Builder chosen for county’s 1st manure digester
By MATTHEW DeFOUR email@example.com 608-252-6144 | Posted: Sunday, November 8, 2009 11:00 pm | (12) Comments
Dane County’s first community manure digester, the first cooperative project of its kind in Wisconsin, will be built and operated by a Milwaukee-based company that plans to finance most of the project itself.
By letting Clear Horizons, in partnership with SCC Americas, a global developer of greenhouse gas emission reduction projects, operate the Waunakee community digester, the county is avoiding the financial risks and rewards.
"That was important to the farmers (who wanted) a separate company operating the digester," Dane County Executive Kathleen Falk said of the county’s decision. "We’ve chosen this model because Clear Horizons brings significant private dollars."
Clear Horizons plans to privately finance everything except a $3.3 million state earmark. The state included $6.6 million in its latest budget for the Waunakee digester and another being planned near Middleton. The county planned to borrow $1.4 million for the project, but now won’t have to spend anything to build the first digester.
Clear Horizons general manager Dan Nemke said construction is expected to cost about $11 million. After designs are finalized and a site is selected on one of three participating farms, the company expects to break ground in the spring and begin processing manure by the fall.
A manure digester is essentially a mini power plant that uses bacteria to convert cow manure into mostly methane gas, a fiber material and a liquid fertilizer. The methane is burned to generate electricity and the fiber can be used as cow bedding.
The Waunakee digester is expected to generate $2 million worth of electricity every year, and Clear Horizons plans to sell the fiber material.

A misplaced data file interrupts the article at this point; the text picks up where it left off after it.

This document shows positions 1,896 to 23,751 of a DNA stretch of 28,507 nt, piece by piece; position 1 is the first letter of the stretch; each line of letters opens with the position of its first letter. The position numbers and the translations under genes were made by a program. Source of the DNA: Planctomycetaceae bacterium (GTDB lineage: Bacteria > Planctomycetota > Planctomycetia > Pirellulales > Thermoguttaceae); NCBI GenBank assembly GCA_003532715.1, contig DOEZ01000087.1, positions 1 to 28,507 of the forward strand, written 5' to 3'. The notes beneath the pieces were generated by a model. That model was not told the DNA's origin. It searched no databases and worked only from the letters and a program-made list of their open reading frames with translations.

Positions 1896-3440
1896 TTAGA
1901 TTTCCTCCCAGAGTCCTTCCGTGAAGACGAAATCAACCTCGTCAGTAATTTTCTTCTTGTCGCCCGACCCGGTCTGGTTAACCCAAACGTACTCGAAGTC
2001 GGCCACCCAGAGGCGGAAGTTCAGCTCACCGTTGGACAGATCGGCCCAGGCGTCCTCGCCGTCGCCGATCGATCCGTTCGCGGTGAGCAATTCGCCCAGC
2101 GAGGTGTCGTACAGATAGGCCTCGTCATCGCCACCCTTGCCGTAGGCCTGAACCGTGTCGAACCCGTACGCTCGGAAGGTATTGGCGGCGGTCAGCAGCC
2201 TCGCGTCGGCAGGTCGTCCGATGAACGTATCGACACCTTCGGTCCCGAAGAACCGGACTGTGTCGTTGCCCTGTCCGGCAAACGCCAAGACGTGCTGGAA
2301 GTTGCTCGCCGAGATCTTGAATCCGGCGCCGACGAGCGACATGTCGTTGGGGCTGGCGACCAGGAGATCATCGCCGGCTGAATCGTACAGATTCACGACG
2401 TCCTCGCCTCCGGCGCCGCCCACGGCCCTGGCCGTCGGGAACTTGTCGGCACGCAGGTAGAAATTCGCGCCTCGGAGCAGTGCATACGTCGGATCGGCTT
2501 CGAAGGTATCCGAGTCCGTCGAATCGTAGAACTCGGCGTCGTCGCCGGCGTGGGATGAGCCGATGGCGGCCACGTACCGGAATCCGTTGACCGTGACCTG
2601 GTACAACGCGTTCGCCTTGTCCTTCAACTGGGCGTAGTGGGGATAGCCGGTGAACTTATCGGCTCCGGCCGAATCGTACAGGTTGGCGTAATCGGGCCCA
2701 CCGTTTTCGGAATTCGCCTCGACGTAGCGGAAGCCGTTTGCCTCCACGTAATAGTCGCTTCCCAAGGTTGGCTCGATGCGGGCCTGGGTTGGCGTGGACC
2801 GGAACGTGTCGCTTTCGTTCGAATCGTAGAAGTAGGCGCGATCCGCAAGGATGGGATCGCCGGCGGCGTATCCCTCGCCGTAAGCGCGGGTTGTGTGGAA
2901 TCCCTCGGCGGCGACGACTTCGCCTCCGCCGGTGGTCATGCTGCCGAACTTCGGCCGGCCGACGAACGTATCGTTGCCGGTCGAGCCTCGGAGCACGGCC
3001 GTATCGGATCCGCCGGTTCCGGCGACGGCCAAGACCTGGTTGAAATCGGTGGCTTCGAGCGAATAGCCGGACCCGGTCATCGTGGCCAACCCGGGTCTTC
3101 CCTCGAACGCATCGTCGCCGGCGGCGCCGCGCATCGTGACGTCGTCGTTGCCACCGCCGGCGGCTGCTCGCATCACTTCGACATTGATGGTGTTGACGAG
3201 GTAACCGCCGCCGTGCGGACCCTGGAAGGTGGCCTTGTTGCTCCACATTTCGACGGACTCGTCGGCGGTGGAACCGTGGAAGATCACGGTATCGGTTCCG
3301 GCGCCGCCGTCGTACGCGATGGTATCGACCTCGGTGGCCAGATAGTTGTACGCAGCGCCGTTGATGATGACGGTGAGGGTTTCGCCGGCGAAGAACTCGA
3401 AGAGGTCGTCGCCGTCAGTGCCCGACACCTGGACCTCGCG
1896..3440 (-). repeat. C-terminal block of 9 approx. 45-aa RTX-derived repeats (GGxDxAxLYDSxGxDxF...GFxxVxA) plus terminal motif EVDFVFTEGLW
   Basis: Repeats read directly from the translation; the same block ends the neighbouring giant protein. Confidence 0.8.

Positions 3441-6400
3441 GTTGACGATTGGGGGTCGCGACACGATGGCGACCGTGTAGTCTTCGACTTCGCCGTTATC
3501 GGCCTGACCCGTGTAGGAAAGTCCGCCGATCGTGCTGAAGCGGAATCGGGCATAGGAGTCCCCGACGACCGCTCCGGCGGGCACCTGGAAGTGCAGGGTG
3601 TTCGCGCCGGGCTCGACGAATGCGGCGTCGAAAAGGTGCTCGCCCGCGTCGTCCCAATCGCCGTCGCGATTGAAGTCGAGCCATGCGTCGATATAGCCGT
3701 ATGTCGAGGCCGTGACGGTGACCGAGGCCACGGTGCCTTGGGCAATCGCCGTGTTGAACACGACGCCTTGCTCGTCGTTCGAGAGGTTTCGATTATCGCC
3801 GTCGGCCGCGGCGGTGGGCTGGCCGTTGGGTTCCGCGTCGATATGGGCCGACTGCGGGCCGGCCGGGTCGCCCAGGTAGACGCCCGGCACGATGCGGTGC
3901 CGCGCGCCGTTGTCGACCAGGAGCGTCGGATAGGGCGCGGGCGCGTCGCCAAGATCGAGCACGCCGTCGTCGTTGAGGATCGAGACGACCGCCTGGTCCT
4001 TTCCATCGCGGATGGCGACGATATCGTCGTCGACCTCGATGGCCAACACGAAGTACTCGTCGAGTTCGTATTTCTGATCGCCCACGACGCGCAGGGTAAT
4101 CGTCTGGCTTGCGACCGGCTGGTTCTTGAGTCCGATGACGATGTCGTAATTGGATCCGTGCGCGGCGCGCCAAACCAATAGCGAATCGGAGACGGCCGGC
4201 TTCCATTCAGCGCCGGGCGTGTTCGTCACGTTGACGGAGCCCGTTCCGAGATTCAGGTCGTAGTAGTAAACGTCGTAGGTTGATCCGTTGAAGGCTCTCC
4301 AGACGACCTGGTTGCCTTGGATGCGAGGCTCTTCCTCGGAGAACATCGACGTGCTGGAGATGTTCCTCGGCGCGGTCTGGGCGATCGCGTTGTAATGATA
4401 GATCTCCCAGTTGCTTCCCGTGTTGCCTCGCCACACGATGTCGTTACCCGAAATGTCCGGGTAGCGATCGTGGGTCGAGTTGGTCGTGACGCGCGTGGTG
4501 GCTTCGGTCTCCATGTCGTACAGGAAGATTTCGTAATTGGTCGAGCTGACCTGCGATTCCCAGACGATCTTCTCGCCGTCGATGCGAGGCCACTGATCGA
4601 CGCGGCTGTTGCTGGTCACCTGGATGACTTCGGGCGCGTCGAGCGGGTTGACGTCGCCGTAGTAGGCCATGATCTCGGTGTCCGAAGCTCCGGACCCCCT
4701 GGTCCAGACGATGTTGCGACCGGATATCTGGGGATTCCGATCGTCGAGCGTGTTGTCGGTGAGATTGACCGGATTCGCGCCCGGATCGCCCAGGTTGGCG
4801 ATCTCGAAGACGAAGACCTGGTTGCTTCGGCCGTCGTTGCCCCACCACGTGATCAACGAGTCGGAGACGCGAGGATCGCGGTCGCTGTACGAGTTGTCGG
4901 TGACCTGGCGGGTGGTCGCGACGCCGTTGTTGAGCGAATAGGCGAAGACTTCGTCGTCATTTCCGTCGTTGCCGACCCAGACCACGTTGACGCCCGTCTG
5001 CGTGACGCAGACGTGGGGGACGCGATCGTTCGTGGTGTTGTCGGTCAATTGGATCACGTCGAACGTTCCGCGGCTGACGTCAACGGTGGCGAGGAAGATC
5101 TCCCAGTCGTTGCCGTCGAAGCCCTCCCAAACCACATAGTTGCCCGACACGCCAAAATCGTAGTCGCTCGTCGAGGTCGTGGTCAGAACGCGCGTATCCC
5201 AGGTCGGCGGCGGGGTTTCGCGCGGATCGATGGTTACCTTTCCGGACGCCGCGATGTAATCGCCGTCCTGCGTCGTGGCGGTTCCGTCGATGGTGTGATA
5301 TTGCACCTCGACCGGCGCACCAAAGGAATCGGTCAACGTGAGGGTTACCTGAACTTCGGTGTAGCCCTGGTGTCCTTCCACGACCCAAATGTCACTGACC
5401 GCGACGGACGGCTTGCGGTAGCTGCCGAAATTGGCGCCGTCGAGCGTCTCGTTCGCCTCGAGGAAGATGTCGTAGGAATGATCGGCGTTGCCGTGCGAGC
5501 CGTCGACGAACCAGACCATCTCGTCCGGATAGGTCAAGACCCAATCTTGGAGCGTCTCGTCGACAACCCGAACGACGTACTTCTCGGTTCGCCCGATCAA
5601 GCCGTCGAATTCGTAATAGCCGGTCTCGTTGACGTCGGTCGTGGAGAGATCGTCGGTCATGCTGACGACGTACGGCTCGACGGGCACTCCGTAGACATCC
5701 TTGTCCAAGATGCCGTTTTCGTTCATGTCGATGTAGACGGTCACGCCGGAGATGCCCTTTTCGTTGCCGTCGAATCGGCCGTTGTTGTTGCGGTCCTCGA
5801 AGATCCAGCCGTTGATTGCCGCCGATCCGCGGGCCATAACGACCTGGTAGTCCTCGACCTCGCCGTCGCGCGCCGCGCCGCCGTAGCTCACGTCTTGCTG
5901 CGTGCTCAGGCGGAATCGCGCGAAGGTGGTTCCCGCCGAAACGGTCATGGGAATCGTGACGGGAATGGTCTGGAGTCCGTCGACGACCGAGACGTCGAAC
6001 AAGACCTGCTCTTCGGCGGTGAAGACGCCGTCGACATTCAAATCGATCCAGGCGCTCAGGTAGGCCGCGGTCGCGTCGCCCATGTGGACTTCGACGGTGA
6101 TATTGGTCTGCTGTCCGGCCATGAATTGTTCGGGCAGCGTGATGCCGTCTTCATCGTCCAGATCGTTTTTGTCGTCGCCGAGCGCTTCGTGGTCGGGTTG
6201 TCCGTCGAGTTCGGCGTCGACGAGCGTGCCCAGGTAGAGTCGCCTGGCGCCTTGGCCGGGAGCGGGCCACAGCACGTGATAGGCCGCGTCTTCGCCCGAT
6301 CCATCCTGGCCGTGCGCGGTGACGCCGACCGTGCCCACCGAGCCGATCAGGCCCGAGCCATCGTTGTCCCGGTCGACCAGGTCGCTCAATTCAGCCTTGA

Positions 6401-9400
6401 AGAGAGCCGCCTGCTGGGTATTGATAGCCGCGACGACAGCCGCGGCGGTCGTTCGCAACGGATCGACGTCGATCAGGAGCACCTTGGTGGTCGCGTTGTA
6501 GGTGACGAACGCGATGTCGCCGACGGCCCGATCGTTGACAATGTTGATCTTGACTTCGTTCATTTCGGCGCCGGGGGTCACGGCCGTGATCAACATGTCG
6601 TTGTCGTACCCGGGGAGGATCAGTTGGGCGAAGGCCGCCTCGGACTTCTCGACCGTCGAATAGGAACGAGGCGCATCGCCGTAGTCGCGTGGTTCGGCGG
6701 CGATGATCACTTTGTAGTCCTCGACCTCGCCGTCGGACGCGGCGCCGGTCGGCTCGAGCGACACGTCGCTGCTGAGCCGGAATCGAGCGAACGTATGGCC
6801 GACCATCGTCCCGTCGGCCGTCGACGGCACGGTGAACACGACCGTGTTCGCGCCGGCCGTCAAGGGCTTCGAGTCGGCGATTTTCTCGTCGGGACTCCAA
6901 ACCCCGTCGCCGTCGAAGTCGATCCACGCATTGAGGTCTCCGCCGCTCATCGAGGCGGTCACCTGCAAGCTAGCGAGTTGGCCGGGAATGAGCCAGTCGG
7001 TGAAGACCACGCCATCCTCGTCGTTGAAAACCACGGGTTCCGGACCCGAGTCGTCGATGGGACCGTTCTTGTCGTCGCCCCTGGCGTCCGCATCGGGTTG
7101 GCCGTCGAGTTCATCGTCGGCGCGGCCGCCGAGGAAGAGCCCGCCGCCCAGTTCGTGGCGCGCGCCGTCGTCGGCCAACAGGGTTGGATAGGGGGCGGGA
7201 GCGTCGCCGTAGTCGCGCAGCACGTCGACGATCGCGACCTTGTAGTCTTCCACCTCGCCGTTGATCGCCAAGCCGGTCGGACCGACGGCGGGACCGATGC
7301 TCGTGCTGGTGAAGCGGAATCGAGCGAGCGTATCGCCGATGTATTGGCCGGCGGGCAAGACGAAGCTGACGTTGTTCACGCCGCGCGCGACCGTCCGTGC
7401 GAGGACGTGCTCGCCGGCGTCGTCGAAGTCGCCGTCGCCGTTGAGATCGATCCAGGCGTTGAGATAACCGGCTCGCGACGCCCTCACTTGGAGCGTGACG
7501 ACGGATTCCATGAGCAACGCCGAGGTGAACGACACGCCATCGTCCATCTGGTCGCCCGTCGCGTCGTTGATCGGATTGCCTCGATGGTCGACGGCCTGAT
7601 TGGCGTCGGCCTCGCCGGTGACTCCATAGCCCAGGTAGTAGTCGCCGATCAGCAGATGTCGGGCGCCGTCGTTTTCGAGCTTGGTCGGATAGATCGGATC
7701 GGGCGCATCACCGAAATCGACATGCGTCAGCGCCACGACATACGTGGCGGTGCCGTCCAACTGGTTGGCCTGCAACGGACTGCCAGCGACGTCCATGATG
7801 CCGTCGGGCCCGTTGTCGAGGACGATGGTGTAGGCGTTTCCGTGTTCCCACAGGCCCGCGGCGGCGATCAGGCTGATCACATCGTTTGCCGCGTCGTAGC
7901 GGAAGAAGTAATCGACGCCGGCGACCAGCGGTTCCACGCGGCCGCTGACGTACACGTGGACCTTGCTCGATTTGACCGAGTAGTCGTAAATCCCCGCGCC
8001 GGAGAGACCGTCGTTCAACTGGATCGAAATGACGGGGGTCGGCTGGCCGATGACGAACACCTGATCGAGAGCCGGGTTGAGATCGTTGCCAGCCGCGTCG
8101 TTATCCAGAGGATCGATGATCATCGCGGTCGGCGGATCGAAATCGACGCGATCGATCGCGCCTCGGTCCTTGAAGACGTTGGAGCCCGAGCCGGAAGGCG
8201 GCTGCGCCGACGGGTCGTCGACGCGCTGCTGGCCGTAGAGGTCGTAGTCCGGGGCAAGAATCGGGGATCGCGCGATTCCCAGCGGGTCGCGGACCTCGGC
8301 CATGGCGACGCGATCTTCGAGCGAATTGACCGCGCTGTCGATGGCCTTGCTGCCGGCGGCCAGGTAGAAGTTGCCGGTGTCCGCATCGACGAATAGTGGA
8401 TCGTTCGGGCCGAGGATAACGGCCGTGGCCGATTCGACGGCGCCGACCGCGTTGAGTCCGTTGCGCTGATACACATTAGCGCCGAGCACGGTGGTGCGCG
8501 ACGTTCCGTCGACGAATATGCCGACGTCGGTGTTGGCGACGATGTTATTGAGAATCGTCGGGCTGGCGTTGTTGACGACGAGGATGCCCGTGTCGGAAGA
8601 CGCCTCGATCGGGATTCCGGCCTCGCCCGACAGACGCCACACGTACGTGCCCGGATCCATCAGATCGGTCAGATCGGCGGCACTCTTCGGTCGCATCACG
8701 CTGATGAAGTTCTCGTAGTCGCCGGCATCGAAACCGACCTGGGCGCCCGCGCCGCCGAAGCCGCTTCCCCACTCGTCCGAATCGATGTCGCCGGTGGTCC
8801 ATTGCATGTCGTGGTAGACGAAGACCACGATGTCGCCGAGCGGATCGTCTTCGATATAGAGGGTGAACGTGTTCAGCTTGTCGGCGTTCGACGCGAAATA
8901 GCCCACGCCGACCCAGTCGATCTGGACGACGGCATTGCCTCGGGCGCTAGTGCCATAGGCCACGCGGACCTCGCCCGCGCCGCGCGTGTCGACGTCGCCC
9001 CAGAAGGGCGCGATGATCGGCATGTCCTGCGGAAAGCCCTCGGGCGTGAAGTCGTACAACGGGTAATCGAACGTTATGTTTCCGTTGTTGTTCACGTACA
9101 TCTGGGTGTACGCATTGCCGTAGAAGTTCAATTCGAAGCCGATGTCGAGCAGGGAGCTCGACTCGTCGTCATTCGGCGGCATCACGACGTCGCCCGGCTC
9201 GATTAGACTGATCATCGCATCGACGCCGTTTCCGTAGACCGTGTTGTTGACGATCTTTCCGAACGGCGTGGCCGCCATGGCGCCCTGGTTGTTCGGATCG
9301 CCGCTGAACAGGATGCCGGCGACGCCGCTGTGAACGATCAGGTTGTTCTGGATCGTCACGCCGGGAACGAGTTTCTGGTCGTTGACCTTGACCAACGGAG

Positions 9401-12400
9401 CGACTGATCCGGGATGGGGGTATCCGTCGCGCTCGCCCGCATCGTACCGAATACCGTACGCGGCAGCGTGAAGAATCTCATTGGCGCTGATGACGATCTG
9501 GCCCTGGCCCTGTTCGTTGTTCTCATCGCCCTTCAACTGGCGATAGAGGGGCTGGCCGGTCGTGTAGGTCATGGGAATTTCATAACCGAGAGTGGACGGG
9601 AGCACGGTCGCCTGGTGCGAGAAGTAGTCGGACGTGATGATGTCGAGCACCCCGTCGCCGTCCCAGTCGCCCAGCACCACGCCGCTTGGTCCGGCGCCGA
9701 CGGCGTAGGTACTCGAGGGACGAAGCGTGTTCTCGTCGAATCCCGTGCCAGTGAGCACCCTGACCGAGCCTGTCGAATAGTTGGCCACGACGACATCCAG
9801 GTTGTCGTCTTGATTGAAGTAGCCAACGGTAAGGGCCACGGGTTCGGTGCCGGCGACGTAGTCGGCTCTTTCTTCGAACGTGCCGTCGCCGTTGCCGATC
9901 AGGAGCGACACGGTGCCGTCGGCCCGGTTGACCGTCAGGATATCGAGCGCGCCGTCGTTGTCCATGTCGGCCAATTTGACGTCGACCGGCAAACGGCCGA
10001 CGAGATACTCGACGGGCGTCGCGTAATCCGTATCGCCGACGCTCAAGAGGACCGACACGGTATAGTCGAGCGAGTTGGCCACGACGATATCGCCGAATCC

Dane County’s 400 dairy farms and 50,000 dairy cows – a $700 million industry – produce more than 2 billion pounds of manure each year. Much of that is spread on fields in the winter and the resulting runoff into creeks and rivers has killed thousands of fish in the past.
Phosphorus from manure is also the biggest contributor to the algae pollution that turns the county’s lakes green every year.
The Waunakee digester will use advanced separation technology to remove much of the phosphorus.
"When successful, this is a model that can be replicated throughout Wisconsin, the upper Midwest and the nation," Falk said.
Manure digesters are expensive, making them almost impossible for smaller dairy farms to build and operate their own. "The county is undertaking a tremendous effort to get enough farms together to have the scale to make it economically viable," Nemke said.
Clear Horizons has built one other manure digester project, at the Crave Brothers farm in Waterloo. Falk, Gov. Jim Doyle and U.S. Secretary of Agriculture Tom Vilsack toured the farm last month.
The other finalist to build the digester, Sauk City-based Energies Direct, which works with German engineering firms, has built four other digesters, including one in Fond du Lac in 2004 that was the first manure digester in the United States.
It proposed a $9 million digester but didn’t offer as much private funding, Falk said.